The game features sixteen tracks accessible through four different game modes for a single-player.:5 In Grand Prix, players race opponents through a series of four consecutive tracks and earn points based on their finishing position. At the end of Grand Prix, players must participate in a Champion Challenge—an aerial dogfight against a boss. Jiggy Challenge retains the emphasis on collecting items from the Banjo platformers: the player must look for and collect puzzle pieces called Jiggies for points while racing Bottles the mole. Quickrace allows the player to choose from any of the game's tracks to race on, while time trial challenges players to finish a course in the fastest time possible.:5 The game also features multiplayer modes for up to four players: a multiplayer version of Grand Prix, a one-on-one race, and a dogfighting game. Competing in races will earn players pages of a book, which serve as a form of currency. How many they earn is based on their race placement and how many musical notes they collect. These pages can be given to the anthropomorphic book Cheato in exchange for various bonuses.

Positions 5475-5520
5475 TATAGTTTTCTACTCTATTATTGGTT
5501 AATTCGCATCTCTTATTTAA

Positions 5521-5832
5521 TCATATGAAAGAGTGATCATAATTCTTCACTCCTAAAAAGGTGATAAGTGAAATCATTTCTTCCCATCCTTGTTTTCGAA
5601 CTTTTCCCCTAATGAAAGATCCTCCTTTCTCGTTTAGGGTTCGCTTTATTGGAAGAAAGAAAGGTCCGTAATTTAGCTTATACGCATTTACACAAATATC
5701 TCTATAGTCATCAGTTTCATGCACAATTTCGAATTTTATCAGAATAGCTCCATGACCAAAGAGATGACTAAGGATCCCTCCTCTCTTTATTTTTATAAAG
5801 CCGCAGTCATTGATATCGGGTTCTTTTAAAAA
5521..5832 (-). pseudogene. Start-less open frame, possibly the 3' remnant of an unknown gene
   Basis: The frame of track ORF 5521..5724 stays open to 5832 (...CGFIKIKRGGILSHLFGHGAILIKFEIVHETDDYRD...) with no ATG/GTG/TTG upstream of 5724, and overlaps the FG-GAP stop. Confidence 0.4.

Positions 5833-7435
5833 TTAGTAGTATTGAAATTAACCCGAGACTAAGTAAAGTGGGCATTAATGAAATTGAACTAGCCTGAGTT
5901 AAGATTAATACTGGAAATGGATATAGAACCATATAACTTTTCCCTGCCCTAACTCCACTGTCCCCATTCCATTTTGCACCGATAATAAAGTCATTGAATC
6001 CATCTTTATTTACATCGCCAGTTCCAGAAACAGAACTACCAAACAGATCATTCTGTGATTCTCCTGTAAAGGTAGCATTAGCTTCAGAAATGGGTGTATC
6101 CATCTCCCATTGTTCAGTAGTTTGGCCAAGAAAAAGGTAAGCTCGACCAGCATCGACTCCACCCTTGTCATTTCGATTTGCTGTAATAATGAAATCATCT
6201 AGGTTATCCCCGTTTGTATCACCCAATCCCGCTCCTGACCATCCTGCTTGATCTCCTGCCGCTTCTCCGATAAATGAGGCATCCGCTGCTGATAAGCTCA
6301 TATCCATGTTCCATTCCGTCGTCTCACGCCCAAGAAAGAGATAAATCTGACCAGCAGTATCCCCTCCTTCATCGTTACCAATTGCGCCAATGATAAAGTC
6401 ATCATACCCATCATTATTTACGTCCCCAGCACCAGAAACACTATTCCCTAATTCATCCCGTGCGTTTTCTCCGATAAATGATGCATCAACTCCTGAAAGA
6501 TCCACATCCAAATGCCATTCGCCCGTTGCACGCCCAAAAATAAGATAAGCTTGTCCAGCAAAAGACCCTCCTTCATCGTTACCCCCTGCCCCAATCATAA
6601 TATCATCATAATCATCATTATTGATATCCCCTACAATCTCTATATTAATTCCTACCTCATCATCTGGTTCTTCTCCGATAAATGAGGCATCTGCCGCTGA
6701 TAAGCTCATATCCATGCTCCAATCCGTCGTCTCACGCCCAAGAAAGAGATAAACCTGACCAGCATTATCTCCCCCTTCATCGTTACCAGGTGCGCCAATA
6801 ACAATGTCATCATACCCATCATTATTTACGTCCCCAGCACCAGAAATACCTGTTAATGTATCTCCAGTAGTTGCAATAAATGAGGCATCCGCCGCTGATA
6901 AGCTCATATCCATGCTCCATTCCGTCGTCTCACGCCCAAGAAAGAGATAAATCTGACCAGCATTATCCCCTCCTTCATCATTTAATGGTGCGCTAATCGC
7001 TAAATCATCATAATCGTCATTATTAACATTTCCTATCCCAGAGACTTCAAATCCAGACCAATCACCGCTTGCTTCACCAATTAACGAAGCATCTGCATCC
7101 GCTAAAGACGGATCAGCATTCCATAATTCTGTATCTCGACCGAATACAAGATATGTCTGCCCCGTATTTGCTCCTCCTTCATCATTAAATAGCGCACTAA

Rare developed Banjo-Pilot for the Game Boy Advance (GBA) for nearly five years. At the beginning, Rare was a second-party developer for Nintendo and was known for creating games in Nintendo's long-running Donkey Kong franchise. As such, the game was originally titled Diddy Kong Pilot, a sequel to Rare's 1997 game Diddy Kong Racing, and would feature characters from Nintendo's Donkey Kong and Mario franchises. While it could be played using the GBA D-pad, Diddy Kong Pilot allowed players to control the characters by tilting the system, as the cartridge contained the same accelerometer technology used in Kirby Tilt 'n' Tumble (2000). Rare chose to focus on planes rather than cars because it wanted the game to stand out against other GBA racers. Nintendo and Rare announced the game at E3 in May 2001, and presented demos to attendees there and at Nintendo Space World in August. Journalists reacted positively to the demos, with particular praise for the visuals.